To early travellers, the spectacle of these immense stone figures, at once serenely godlike and savagely human, was almost beyond imagination. The island’s population was too small, too primitive and too isolated to be credited with such feats of artistry, engineering and labour. “We could hardly conceive how these islanders, wholly unacquainted with any mechanical power, could raise such stupendous figures,” wrote Captain James Cook, who visited Easter Island in 1774.
Cook freely speculated on how the statues might have been raised, a little at a time, using piles of stones and wooden scaffolding; and there has been no end of speculation, and no lack of scientific investigation, in the centuries that followed. By Cook’s time, the islanders had toppled many of their statues and were neglecting those left standing. But the art of Easter Island still looms on the horizon of the human imagination, and a fitting testament to this exploratory Age of Enlightenment can now be seen closer to home at the Royal Academy of Arts fascinating ‘Oceania’ exhibition, which opened to the public on 29 September and runs until 10 December 2018, marking 250 years since Cook’s first voyage to the Pacific, and celebrating the dazzling and diverse art of the region of Oceania, from the historic to the contemporary.
The monolithic statues of Rapa Nui called ‘moai’ are sublimely beautiful works of art. Tall figures carved out of volcanic rock between the 11th and 14th centuries by Polynesian settlers, they have long, unsmiling faces, elegant, hawk-like noses and brooding brows, several of which bare a curious resemblance to ChaworthMusters, my old chum at Cambridge. They can seem alienating or enthralling, depending on the angle, the light, your mood and the weather.
Rapa Nui is a tiny island roughly the size of Jersey. Some 2,300 miles from the coast of Chile, the island is treeless, dotted with volcanoes and fringed with sandy beaches. High waves often lash its western shores, making it a magnet for surfers.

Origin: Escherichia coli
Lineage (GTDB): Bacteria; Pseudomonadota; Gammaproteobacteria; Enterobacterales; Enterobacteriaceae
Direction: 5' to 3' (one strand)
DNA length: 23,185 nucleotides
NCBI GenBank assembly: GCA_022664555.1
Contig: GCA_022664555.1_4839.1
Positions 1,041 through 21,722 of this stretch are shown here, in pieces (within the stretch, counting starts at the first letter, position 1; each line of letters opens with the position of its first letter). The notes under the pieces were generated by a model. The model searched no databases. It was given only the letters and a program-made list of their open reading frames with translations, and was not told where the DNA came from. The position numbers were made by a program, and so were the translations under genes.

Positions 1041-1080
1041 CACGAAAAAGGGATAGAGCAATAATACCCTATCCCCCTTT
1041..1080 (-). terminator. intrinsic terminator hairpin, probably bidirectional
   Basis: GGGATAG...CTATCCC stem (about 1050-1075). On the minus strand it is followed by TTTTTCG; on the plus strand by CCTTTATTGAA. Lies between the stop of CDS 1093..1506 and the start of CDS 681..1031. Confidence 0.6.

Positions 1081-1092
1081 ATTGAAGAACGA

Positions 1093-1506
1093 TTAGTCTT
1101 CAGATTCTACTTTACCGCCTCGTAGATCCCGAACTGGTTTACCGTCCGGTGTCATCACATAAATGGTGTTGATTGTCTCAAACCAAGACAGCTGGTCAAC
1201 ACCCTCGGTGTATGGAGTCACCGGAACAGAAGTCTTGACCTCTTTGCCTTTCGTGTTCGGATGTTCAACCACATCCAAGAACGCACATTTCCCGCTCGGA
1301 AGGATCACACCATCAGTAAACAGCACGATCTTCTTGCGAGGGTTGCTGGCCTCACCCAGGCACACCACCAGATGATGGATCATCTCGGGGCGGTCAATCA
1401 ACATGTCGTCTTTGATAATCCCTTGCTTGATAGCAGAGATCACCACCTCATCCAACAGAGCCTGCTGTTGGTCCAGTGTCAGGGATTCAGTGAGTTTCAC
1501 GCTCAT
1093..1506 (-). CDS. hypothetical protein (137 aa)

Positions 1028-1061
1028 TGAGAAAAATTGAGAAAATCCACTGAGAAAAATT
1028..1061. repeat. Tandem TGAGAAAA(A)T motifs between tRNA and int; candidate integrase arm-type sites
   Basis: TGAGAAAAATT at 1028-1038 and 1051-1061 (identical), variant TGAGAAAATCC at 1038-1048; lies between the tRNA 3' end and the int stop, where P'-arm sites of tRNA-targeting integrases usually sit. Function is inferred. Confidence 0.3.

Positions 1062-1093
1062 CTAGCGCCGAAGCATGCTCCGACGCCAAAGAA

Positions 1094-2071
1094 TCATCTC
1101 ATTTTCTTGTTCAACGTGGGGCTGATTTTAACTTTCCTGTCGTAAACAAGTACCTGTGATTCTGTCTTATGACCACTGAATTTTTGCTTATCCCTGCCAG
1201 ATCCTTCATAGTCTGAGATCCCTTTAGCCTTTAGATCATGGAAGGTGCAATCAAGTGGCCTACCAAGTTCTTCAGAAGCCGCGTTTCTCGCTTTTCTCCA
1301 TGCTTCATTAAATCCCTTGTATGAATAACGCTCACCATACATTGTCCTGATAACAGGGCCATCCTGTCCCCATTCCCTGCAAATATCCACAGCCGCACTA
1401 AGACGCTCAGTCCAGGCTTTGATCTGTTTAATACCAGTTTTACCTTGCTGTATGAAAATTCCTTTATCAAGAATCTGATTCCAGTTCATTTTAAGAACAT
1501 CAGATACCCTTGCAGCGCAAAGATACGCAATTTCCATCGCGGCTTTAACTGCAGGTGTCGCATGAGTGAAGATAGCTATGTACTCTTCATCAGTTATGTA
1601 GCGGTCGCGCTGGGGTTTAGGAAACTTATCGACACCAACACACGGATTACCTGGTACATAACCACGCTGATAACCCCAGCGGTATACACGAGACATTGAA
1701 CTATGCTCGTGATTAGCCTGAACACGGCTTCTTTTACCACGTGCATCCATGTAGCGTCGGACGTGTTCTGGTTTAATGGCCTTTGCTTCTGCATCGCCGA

This setting – and the hundreds of ancient moai – have turned much of Easter Island into a UNESCO World Heritage Site and an increasingly popular tourist destination. Its permanent population is around 5,200, about half of whom are of Polynesian descent. In 2017, 91,872 visitors came, most by plane from Chile, though some tourists fly in from Lima or from Australasia via Tahiti. Occasionally, cruise ships make short stopovers here.
I flew into Easter Island with LATAM Airlines from Santiago, the bustling capital of Chile. The flight from Santiago to Mataveri International Airport at Hanga Roa on Rapa Nui, took just under six hours, which is a relatively short flight for routes across the Pacific. The airport is the main entry point for thousands of visitors who flock to Easter Island every year to see its famous moai statues carved by the Rapa Nui people, and to marvel at the tortured topography of this tiny little island.
For such a small island, the airport’s single 10,885 ft (3,318 metre) long runway is one of the longest in the world and starts just inland from the island’s southeast coast at Mataveri and nearly reaches the west coast, almost separating the mountain of Rano Kau from the rest of the island.
The airport was once designated as an abort site for the US Space Shuttle when polar orbital flights from Vandenberg Air Force Base in southern California were planned, with this space launch activity then subsequently being cancelled. The project undertaken by NASA to lengthen the runway was completed in 1987 and enabled wide-bodied jets to use the airport, which further boosted tourism to the island.